Review – Revenge of the Grand Guignol – London Horror Festival at Courtyard Theatre

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Some two months ago, a friend coming to visit from New York said she wanted to see some scary theater while she was in town (what with it being Halloween and all), and she thought she’d found just the ticket: Revenge of the Grand Guignol, part of the London Horror Festival. Given my positive experience with the “Theatre of Horror” at the Southwark Playhouse two years back and my longstanding love affair with Seattle’s Open Circle Theater’s annual Lovecraft Halloween show, I was all up for this, and fortunately the people running the festival were kind enough to sport me comps for the evening.

The night consisted of four shows: “The Laboratory of Hallucinations” (an update of an original Guignol show by de Lorde and Bauche), “As Ye Sow” (which I think is an original play, by Stewart Pringle, one of the directors of the show), “Hero” (by T.S. Richards, the other director, credited as inspired by “Au Telephone” by de Lorde), and “The Blind Women” (by Pringle, inspired by “Atelier d’aveugles” – Workshop of the Blind – by Descaves). The first show made me worried about the rest of the evening – the acting was ham-fisted and like a very bad B movie – but when they stopped with the plot and got on with the horror, I found myself on the edge of my seat. Oddly despite the theme – let’s say that surgery was involved – there was actually very little blood. This held true for all of the evening, despite about 6 deaths through a variety of means (strangling, hammer, drill, two knives, and possibly a saw). This is NOT what they promised in the press release, but to be honest I found it a relief.

The first show was followed almost immediately by “As ye Sow,” which I approached with caution but found to be the strongest of the night, ultimately as satisfying as Lucy Kirkwood’s “Psychogeography.” The story is about a man in a nursing home, and the thing that I found made it so satisfying is that all of the little things that just didn’t quite seem to be going right seemed to be just as likely to be his mind playing tricks on hinm as anything else. I was reminded of how the ultimate horror in the new, Lovecraftian world, is not of the devil taking your soul; it’s of losing your mind. And on both levels, “As Ye Sow” had all of the ingredients of succes. To top it off, it made me jump two feet straight up. Good job!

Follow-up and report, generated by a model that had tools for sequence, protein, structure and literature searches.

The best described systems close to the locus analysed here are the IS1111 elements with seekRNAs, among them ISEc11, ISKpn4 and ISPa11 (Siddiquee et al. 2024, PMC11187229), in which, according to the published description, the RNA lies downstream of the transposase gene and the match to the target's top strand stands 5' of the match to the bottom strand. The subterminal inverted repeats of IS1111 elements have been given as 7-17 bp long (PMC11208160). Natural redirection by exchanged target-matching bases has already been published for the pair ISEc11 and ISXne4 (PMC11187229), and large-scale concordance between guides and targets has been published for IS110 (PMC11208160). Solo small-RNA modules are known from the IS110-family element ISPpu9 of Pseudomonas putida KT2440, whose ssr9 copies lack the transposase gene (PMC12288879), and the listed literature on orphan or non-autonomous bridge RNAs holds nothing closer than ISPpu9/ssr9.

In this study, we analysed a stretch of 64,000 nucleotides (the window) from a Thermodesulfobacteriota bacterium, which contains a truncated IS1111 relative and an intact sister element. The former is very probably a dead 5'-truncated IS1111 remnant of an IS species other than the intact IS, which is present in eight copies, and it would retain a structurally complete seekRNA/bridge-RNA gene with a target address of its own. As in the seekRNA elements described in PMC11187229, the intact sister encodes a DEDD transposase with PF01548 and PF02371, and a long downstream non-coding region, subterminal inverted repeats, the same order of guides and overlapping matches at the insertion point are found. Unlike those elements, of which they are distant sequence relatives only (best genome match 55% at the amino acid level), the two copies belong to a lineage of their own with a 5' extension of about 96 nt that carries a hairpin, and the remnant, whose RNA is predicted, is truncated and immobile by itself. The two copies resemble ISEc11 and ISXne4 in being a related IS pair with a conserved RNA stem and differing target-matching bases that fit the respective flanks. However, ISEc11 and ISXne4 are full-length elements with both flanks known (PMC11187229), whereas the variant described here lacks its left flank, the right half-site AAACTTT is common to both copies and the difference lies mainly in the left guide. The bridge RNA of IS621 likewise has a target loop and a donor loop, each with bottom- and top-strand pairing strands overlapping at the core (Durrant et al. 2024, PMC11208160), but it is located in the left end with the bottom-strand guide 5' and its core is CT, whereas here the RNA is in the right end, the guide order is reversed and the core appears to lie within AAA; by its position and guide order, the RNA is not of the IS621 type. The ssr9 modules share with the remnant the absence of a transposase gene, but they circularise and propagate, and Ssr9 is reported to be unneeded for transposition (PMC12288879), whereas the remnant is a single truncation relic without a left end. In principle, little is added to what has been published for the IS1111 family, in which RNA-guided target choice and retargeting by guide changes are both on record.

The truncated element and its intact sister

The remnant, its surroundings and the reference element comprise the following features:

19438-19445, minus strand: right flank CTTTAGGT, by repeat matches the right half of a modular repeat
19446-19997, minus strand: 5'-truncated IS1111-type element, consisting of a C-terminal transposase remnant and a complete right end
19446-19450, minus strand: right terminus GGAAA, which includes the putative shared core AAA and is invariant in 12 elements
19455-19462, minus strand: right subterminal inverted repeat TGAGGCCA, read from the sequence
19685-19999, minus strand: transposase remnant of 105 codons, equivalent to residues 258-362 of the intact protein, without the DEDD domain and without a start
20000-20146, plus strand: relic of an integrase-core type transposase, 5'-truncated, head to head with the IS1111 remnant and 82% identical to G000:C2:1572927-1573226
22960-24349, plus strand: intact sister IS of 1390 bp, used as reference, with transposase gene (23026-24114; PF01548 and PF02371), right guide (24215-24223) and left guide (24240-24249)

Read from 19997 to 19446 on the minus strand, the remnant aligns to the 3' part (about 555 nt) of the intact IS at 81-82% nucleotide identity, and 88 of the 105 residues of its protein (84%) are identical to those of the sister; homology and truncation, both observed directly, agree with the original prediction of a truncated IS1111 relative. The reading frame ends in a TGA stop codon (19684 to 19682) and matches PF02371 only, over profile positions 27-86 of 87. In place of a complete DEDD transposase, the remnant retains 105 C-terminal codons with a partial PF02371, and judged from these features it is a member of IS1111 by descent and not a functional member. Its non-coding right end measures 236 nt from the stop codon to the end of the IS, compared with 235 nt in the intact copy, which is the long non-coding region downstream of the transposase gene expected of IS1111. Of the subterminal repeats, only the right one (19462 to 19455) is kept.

After an interval that practially demanded a double straight up, we came back for “Hero.” This play managed to do something I really love to see on stage – incorporating the technologies that are driving our interactions with each other these days (i.e. cellphones, IM, text messaging, Facebook, Skype, Twitter) and turn it into something that not just wound its way into the plot, but was used creatively to express communication happening in a non-play-standard way. To make it even more fun, it had a VERY dodgy sex scene that had me REALLY wondering what some of the stuff that came out of (insert location here) was meant for – and it built the tension remarkably. While I had a bit of a problem with … well, best not to share any details, but something was too fast. However, the ending was TOTALLY satisfying, not to mention I got a lot of laughs watching the lead actor continue to smoke as he helped rearrange the set.

The final play was “Workshop of the Blind,” and I was grateful for the seriously overdone makeup that helped me keep the fourth wall in place, because this was a real horror play, with mental abuse, torture, death of innocents, and just everything awful you could imagine not involving cannibalism. It built tension tremendously and, while the acting of the three blind women was (again) OTT, I found it served to enhance the mood of ultra-reality – sort of like the Bela Lugosi Dracula. I was cringing a bit in my seat at the end, but, overall, I couldn’t help but feel that in everyway I got what I came for, as the evening had me scared, horrified, and, ultimately, feeling very much glad to be alive as I walked out into the night. Overall, I’d say this was an evening of terror theater well worth seeing.

(This review is for a perfomance that took place on November 1st, 2011. Running time was 2:10 including interval. It continues through November 27th.)

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4 Responses to “Review – Revenge of the Grand Guignol – London Horror Festival at Courtyard Theatre”

  1. Tubz Says:

    Really enjoyed the blog. Q: what dates are the horror show on for?

    • webcowgirl Says:

      First time I skip including the dates in months and you caught me out right away! It’s on through November 27th.

  2. Mini-review – Grand Guignol “Screams of Terror” – Exeter Alternative Theate at London Horror Festival | Life in the Cheap Seats - Webcowgirl's London theatre reviews Says:

    […] some interesting thoughts on the common threads of human motivations. Grand Guignol can be about mad scientists working in laboratories or the ghosts of serial killers, but what’s really terrifying is how the behavior of normal […]

  3. Review – Las Maravillas: the Lost Souls of Mictlan – The Dreamery at Rosemary Branch Theater | Life in the Cheap Seats - Webcowgirl's London theatre reviews Says:

    […] most horrifying theatrical experiences I have had in years. Not frightening: tops for that is still Stewart Pringle’s “As Ye Sow”, but horrifying as in horrible, a la Fram or the monstrous 4:48 Psychosis Fourth Monkey put on some […]

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